neural protocols to sensorimotive protocols - they are clearly the same
> If the atoms in my brain were put into a Chinese-reading configuration,
> either through a lot of work learning the language or through direct
> manipulation, then I would be able to understand Chinese.
It's understandable to assume that, but no I don't think it's like that.
You can't transplant a language into a brain instantaneously because there
is no personal history of association. Your understanding of language is
not a lookup table in space, it is made out of you. It's like if you walked
around with Google translator in your brain. You could enter words and
phrases and turn them into you language, but you would never know the
language first hand. The knowledge would be impersonal - accessible, but
not woven into your proprietary sense.
> What are some equivalently simple, uncontroversial things in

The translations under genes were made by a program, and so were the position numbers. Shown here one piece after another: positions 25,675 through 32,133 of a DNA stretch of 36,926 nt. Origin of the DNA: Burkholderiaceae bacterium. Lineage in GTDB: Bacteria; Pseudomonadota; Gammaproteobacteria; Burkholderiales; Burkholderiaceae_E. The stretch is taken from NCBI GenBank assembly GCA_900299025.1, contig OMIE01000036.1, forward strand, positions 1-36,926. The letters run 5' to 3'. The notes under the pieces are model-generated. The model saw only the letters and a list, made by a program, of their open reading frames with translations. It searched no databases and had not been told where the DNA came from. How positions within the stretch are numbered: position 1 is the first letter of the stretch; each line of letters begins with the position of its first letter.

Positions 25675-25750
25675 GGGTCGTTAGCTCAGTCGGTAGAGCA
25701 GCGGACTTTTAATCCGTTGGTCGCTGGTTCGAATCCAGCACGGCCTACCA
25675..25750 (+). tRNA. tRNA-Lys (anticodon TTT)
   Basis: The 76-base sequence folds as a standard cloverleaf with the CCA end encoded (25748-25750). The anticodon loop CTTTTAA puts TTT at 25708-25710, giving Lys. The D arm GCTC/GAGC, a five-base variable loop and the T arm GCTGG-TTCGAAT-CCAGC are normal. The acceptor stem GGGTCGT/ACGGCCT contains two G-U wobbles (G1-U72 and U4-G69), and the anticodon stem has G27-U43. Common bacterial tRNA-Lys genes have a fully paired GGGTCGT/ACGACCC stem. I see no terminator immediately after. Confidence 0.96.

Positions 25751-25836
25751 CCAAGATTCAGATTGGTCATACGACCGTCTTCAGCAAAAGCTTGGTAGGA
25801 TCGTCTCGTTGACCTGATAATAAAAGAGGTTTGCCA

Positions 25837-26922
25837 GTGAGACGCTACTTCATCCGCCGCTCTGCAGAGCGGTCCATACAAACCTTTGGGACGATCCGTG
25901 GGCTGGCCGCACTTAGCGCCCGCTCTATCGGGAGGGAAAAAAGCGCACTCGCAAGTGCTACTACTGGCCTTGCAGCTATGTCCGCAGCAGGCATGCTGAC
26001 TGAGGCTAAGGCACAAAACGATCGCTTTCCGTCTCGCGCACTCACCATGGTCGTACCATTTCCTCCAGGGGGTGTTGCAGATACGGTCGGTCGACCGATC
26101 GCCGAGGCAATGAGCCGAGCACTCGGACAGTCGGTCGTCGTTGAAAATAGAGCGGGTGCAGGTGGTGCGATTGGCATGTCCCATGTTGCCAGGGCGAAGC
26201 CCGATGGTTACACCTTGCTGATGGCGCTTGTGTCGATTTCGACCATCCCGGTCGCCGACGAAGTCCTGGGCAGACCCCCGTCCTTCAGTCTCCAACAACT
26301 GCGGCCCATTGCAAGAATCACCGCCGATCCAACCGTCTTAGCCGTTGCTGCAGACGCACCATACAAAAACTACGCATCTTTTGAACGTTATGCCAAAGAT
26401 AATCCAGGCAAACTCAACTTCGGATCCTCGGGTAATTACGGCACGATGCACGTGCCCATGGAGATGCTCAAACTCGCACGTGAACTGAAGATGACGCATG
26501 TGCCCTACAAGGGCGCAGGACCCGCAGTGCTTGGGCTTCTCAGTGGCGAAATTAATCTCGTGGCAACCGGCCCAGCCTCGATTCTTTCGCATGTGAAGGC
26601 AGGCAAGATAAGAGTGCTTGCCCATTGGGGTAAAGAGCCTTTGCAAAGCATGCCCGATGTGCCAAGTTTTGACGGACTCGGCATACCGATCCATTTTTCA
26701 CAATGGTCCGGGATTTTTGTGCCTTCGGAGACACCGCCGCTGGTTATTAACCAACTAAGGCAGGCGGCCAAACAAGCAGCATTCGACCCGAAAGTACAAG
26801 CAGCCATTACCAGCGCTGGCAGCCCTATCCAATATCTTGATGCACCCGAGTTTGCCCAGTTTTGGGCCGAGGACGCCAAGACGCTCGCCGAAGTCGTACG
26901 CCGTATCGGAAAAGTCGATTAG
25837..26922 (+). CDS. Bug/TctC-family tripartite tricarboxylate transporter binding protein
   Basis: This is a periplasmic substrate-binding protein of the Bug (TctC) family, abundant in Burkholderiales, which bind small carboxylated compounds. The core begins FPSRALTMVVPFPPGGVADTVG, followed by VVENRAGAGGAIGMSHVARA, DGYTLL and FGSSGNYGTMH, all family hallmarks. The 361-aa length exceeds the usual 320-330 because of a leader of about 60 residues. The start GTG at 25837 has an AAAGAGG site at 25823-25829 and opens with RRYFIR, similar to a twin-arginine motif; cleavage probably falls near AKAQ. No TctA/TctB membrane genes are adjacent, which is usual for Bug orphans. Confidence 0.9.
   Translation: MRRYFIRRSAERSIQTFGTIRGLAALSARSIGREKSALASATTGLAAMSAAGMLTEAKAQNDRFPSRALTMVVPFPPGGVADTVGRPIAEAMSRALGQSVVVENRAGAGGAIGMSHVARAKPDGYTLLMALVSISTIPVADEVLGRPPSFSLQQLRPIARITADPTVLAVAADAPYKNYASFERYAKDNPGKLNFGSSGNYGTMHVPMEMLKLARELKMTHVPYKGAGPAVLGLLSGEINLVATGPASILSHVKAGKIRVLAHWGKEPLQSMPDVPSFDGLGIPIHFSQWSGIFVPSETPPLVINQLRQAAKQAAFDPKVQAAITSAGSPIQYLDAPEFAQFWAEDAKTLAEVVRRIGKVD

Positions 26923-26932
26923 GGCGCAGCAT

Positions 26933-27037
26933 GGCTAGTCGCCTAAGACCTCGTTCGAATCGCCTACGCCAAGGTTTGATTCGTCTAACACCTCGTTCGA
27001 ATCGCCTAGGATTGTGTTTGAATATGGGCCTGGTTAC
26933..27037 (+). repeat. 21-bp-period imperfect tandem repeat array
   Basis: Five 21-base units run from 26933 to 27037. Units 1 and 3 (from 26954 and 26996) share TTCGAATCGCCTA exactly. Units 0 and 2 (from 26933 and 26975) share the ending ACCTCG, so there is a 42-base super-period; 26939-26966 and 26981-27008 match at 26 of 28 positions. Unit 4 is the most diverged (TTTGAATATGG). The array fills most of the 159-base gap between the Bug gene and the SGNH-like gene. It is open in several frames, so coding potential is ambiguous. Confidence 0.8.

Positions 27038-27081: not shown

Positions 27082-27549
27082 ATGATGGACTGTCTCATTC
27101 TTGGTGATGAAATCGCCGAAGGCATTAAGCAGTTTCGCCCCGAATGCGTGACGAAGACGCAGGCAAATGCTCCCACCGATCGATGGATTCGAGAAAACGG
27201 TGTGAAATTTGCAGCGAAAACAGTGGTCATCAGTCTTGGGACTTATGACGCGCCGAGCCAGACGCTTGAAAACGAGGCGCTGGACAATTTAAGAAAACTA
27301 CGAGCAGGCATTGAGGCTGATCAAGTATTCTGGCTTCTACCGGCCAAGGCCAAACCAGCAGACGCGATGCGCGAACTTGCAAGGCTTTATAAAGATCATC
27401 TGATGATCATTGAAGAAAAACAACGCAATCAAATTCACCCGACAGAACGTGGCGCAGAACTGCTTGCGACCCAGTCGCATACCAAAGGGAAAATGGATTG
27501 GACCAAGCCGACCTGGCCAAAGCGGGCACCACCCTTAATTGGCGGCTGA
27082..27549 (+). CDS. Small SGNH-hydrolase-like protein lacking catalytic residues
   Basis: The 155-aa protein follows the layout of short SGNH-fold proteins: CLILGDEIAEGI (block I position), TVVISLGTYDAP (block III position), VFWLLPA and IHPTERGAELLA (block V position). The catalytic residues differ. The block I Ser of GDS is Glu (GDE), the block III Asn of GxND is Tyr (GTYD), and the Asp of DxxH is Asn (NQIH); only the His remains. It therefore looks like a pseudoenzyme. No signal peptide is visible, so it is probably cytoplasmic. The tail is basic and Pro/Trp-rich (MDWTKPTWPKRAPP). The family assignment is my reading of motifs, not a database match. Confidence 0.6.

>> what you say that i misunderstand?
> You think that I don't get that Fading Qualia is a story about a world in
> which the brain cannot be substituted, but I do. Chalmers is saying 'OK
> lets say that's true - how would that be? Would your blue be less and less
> blue? How could you act normally if you...blah, blah, blah'. I get that.
> It's crystal clear.
> What you don't understand is that this carries a priori assumptions about
> the nature of consciousness, that it is an end result of a distributed
> process which is monolithic. I am saying NO, THAT IS NOT HOW IT IS.
> Imagine that we had one eye in the front of our heads and one ear in the
> back, and that the whole of human history has been to debate over whether
> walking forward means that objects are moving toward you or whether it
> means changes in relative volume of sounds.
> Chalmers is saying, 'if we gradually replaced the eye with parts of the
> ear, how would our sight gradually change to sound, or would it suddenly
> switch over?' Since both options seem absurd, then he concludes that
> anything that is in the front of the head is an eye and everything on the
> back is an ear, or that everything has both ear and eye potentials.
> The MR model is to understand that these two views are not merely
> substance dual or property dual, they are involuted juxtapositions of each
> other. The difference between front and back is not merely irreconcilable,